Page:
The Body Mass Index

It’s a fact that comes up again and again in studies: many overweight people don’t believe they’re overweight, while many people who are at a healthy weight, mistakenly think they’re too heavy. But how do you know the appropriate weight for your height and age? 

Comparing yourself to the people around you is no use - you may live with other overweight people and therefore think your body is just fine, or perhaps you’re constantly surrounded by models and have a distorted view of what “thin enough” means. Since the levels of overweight vary by country, someone looking at the people around them in the United States would see a very different body ideal than someone living in the Netherlands. 

The truth is, an accurate measure of whether or not you’re at an appropriate weight would incorporate your height, age, muscle-fat ration, sex and bone density. But that would require expensive scans and testing, so for now, the best tool we have is the Body Mass Index (BMI).

What is your BMI?

In metric units, it’s your weight in kilograms divided by the square of your height in meters. In imperial units, it’s your pounds times 703, divided by the square of your height in inches. If your BMI is less than 18.5, your underweight. A BMI between 18.5 and 25 is ideal, between 25 and 30 is overweight, and an individual with a BMI over 30 is considered obese. 

Still, there are problems with the BMI. It doesn’t take into account the difference between fat and muscle, so a toned sprinter may have the same BMI as a dedicated couch potato. Many athletes have BMIs that erroneously push them either into the “overweight” or even “obese” range, when they’re simply muscular (and remember, muscle weighs more than fat.)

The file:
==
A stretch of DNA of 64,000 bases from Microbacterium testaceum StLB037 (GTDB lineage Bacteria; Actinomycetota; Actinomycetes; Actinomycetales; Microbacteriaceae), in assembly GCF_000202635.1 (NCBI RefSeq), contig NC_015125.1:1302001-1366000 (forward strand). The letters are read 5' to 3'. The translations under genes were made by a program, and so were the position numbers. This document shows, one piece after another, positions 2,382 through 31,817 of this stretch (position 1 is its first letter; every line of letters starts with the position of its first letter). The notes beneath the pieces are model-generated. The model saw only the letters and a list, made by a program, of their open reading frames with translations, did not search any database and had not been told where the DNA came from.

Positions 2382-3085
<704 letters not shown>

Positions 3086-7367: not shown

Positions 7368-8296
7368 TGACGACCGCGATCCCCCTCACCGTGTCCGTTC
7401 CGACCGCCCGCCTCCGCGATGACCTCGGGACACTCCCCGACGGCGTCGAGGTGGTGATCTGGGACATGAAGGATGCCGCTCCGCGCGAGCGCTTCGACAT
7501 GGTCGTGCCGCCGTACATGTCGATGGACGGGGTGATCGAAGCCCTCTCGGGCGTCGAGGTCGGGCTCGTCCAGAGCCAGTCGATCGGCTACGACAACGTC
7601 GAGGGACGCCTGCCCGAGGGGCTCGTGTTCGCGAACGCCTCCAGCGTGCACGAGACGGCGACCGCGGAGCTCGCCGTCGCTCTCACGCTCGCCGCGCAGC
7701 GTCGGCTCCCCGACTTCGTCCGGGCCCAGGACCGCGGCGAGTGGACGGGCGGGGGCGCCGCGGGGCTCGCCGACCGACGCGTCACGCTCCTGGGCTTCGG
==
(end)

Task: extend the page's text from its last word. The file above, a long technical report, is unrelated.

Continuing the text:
The BMI also doesn’t account for bone density. An individual with osteoporosis (low bone density) may have much more body fat than an individual with healthy bones, yet still have the same BMI. There’s another flaw with BMI: it tends to tell short people that they’re thinner than they really are, and tall people that they’re heavier. Some scientists have suggested a different way of calculating BMI to make up for this problem.

Many people say the BMI is of no use for individuals, and should only be used for population-wide measures (for example, to see if Americans in general are getting heavier.) Others say it’s useful as a ballpark measure. Still others say other measurements - for example, your waist-to-hip ratio - are best for determining if you’re over or underweight.

If your weight is a concern for you, speak to your doctor or chiropractor. He or she will be able to tell you if your body weight is healthy or unhealthy and suggest lifestyle changes if you’re too heavy. 

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